Westerners cannot visit the cinder-block, mud-brick side of the Muslim world—whence bin Ladin's foot soldiers mostly come—without announcing who they are. No case officer stationed in Pakistan can penetrate either the Afghan communities in Peshawar or the Northwest Frontier's numerous religious schools, which feed manpower and ideas to bin Ladin and the Taliban, and seriously expect to gather useful information about radical Islamic terrorism—let alone recruit foreign agents.

Even a Muslim CIA officer with native-language abilities (and the Agency, according to several active-duty case officers, has very few operatives from Middle Eastern backgrounds) could do little more in this environment than a blond, blue-eyed all-American. Case officers cannot long escape the embassies and consulates in which they serve. A U.S. official overseas, photographed and registered with the local intelligence and security services, can't travel much, particularly in a police-rich country like Pakistan, without the "host" services' knowing about it. An officer who tries to go native, pretending to be a true-believing radical Muslim searching for brothers in the cause, will make a fool of himself quickly.

In Pakistan, where the government's Inter-Services Intelligence Agency and the ruling army are competent and tough, the CIA can do little if these institutions are against it. And they are against it. Where the Taliban and Usama bin Ladin are concerned, Pakistan and the United States aren't allies. Relations between the two countries have been poor for years, owing to American opposition to Pakistan's successful nuclear-weapons program and, more recently, Islamabad's backing of Muslim Kashmiri separatists. Bin Ladin's presence in Afghanistan as a "guest" of the Pakistani-backed Taliban has injected even more distrust and suspicion into the relationship.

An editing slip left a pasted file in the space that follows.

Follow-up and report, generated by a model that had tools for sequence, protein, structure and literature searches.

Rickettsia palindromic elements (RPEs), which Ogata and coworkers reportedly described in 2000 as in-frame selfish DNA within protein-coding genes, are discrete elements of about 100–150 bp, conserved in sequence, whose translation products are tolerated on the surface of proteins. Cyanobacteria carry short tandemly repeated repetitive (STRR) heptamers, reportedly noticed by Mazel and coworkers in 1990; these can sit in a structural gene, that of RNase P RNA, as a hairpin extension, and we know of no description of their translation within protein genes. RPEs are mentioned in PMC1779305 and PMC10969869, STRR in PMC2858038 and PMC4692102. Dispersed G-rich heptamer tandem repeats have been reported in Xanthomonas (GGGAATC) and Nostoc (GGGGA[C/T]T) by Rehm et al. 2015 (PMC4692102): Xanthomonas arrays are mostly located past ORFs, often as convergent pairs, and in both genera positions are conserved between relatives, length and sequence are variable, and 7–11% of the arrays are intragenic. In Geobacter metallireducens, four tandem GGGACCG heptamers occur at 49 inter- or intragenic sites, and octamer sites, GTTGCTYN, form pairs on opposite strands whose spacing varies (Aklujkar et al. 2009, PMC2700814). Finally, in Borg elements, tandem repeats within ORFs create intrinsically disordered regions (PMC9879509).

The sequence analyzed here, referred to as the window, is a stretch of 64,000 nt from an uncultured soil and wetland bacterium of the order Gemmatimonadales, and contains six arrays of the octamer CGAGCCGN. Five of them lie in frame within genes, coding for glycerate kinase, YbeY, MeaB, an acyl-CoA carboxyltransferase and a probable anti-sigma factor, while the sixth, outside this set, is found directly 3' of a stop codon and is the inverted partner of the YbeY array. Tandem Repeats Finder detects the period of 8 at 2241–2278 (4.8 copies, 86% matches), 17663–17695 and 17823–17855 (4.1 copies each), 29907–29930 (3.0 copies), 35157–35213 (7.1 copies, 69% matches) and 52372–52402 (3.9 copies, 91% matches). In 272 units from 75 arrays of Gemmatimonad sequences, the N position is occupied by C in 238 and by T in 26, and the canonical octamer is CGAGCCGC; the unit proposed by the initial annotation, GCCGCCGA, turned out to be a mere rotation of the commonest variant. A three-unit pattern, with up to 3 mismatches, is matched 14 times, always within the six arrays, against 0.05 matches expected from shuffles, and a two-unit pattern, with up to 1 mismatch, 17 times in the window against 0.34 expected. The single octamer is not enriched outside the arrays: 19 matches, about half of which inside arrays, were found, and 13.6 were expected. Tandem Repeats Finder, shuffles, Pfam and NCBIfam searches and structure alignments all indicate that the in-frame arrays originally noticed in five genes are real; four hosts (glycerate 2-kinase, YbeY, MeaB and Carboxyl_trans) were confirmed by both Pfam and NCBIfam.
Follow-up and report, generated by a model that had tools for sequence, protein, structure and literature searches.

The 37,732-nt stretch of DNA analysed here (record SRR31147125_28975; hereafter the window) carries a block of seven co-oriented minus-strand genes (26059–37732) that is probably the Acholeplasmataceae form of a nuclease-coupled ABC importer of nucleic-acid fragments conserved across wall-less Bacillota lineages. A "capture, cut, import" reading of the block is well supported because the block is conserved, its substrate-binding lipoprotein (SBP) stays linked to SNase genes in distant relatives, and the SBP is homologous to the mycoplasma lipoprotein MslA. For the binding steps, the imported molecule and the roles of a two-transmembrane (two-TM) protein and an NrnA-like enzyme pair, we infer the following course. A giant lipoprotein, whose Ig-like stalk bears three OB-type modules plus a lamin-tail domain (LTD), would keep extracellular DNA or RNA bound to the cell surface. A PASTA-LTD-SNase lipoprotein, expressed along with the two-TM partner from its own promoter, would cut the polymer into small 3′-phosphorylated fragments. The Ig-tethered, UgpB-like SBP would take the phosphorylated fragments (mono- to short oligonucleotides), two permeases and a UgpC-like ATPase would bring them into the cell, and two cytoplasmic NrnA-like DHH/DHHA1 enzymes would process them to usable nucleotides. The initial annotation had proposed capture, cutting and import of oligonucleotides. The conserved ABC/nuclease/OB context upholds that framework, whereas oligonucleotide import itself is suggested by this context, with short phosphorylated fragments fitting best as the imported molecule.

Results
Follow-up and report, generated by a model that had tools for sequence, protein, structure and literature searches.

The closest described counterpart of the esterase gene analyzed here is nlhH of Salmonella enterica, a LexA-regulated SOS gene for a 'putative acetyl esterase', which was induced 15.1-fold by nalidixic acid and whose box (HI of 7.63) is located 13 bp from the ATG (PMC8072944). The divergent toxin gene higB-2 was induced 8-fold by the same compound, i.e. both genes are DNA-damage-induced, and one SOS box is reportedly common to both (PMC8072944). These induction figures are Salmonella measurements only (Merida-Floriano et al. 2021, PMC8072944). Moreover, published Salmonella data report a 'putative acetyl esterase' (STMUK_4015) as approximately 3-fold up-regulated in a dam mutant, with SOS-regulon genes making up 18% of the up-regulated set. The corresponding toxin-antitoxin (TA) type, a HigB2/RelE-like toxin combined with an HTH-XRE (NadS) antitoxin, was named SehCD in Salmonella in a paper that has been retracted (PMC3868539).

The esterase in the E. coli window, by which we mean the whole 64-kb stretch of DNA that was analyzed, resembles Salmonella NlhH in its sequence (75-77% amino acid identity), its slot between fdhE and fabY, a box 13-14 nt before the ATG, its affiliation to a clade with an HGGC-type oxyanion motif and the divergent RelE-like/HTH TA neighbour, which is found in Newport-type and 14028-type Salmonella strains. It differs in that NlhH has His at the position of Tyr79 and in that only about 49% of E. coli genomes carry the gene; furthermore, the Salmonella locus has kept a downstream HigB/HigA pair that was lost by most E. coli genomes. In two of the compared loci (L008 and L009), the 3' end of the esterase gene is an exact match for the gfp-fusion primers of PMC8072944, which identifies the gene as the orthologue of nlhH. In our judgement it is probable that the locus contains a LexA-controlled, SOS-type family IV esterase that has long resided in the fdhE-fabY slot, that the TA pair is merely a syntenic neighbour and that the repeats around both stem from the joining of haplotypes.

In other words, American intelligence has not gained and will not gain Pakistan's assistance in its pursuit of bin Ladin. The only effective way to run offensive counterterrorist operations against Islamic radicals in more or less hostile territory is with "non-official-cover" officers—operatives who are in no way openly attached to the U.S. government. Imagine James Bond minus the gadgets, the women, the Walther PPK, and the Aston Martin. But as of late 1999 no program to insert NOCs into an Islamic fundamentalist organization abroad had been implemented, according to one such officer who has served in the Middle East. "NOCs haven't really changed at all since the Cold War," he told me recently. "We're still a group of fake businessmen who live in big houses overseas. We don't go to mosques and pray."

Presented by

Reuel Marc Gerecht is a senior fellow at the Foundation for Defense of Democracies. He has served as a specialist with the CIA's Directorate of Operations, now known as the Clandestine Service, and is the author of Know Thine Enemy: A Spy's Journey into Revolutionary Iran.